Monday, October 14, 2019

After a Break to Change Some Design Details, Boeing Back at Work on SLS

Eric Berger at ArsTechnica has the story this week, that after about a month of inactivity on mating the main engines into the SLS booster, Boeing resumed work.
Nearly a month ago, NASA announced that Boeing had assembled the core stage structure that forms the backbone of its Space Launch System rocket. This meant that all technicians needed to do to complete the full core stage was bolt on four space shuttle main engines and connect their plumbing.

Completing the core stage at NASA's rocket factory, the Michoud Assembly Facility in Southern Louisiana, would represent a significant milestone for the program. However, after assembling the core stage structure in September, two sources familiar with Boeing's work at the factory said the company had to "stand down" operations due to some issues.

Now, NASA officials have provided a little information about the causes of the delay. In a statement, the space agency's headquarters told Ars that "NASA initiated a forward looking corrective action request focused on improving the production system in preparation for Core Stage 2 and beyond." As a result of this corrective action, which was not specified, "Boeing chose to stand down in some areas and ensure the whole production team was aware of the intent behind the corrective action request."
Within the last two weeks, the local paper was buzzing that the SLS pathfinder had arrived at the KSC by barge.  (It might surprise people who aren't familiar with this kind of hardware that it's regularly shipped here from another part of the country by barge.)  The pathfinder just underscores how far Boeing has to go before they're launching the SLS.  The pathfinder is just a full scale mockup of the SLS core stage to ensure all the hardware work among separate facilities is progressing as intended.  Things like crane lifting hardware working with the designed lifting points and that everything needed for the ground work to take place was anticipated and designed for. 
It is not clear what triggered the need for a corrective action, but one source suggested to Ars that Boeing technicians are having difficulty attaching the large rocket engines in a horizontal configuration rather than a vertical position. NASA and Boeing made a late change to the final assembly process, deciding to mate pieces of the core stage horizontally rather than vertically to save time. However, this source said horizontal mating of the engines has created problems.
That said, they seem to have recovered and on Saturday Tracy McMahan, a spokesperson for Marshall Space Flight Center, said,  "NASA and Boeing are expected to have the first engine soft mated to the core stage next week."  McMahan went on to say, "however, there are many steps in engine installation that have to occur before the installation is complete."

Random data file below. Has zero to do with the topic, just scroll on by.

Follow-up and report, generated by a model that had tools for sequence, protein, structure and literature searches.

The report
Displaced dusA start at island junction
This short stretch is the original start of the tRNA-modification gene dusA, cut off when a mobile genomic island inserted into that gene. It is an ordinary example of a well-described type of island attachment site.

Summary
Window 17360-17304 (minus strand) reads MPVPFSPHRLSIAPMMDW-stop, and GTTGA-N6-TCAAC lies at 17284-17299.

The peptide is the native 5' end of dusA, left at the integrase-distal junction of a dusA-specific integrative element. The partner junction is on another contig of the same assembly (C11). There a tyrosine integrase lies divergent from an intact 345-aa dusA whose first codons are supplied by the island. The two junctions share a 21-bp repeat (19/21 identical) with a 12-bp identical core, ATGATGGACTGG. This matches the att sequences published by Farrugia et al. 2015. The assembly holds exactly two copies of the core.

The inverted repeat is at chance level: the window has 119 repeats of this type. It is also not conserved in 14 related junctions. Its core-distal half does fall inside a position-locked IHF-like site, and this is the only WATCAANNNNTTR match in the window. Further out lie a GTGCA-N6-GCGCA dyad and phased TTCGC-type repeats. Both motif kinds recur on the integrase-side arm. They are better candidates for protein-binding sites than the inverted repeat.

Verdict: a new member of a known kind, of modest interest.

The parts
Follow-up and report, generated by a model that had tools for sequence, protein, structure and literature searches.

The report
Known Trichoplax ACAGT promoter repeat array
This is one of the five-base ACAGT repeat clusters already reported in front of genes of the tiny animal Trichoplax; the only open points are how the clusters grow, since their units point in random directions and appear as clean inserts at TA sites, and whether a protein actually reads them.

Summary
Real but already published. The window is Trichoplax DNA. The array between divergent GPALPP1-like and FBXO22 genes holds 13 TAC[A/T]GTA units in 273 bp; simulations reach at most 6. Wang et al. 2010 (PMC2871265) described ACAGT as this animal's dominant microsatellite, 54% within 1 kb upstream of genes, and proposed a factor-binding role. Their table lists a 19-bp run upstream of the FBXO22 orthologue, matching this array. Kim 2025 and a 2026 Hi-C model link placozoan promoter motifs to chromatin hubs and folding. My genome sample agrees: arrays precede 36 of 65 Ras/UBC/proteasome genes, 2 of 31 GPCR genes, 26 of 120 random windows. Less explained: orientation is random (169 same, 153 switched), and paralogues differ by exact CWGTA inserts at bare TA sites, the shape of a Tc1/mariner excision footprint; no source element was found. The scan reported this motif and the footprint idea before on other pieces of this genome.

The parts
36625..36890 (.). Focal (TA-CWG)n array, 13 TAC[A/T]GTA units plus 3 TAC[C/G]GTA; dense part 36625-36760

Still to come, NASA and Boeing hope to have the core booster completed soon.  That will allow the rocket to be moved by barge from Louisiana to a large test stand at nearby Stennis Space Center in southern Mississippi.  There, at some point in 2020, the space agency plans to conduct a full-duration test firing known as a "Green Run" test to ensure the rocket is safe to launch.

The SLS program was nine years old last month, and its first flight was supposed to have been in 2016.  This core stage is expected to fly the Artemis 1 mission for NASA some time in 2021 - launch date not scheduled yet.  If you're counting, that's at least five years over schedule and so far about $20 billion dollars spent on it.  As I've pointed out several times, Alabama Senator Richard Shelby (R), whose state includes the Marshall Space Flight center where the SLS design is coordinated, has demanded that NASA use the SLS rocket to launch humans to the Moon, despite the availability of the Falcon Heavy, which costs significantly less and has already flown three times.

Workers prepare the forward (mounting) areas of one of the SLS core engines.  These are the old Space Shuttle Main Engines.


  1. Horizontal processing has some advantages, but requires some changes in fixturing from vertical (stacking) processing.

    And that means changes in the training and the documentation, which can take quite a while.

    Since this system was designed from the beginning for horizontal processing, I'm guessing the issues were in training and documentation, and possibly tweaks to the fixtures based on input from the guys and gals who'll have to actually build more than one of them.

  2. Many axial flow Gas turbine engines are assembled in a precision horizontal fixture, such as mating of the inlet section to the compressor sections to the turbine section and exhaust case. Meaning theres over 50 years of horizontal assembly of Aerospace rotating machinery that could be applied to Boeings SLS problems. Of course we lack knowledge of the specific difficulty they are having but if I had to guess it would be in the engine gimbal mechanism that permits thrust vectoring. The best of the best of the best are working the problems but sometimes its an old school method from the slide rule days long forgotten that will be the cure. It sometimes takes a greybeard to teach the newfangled engineers a thing or two.

    1. Well, they could always ask SpaceX how they do it...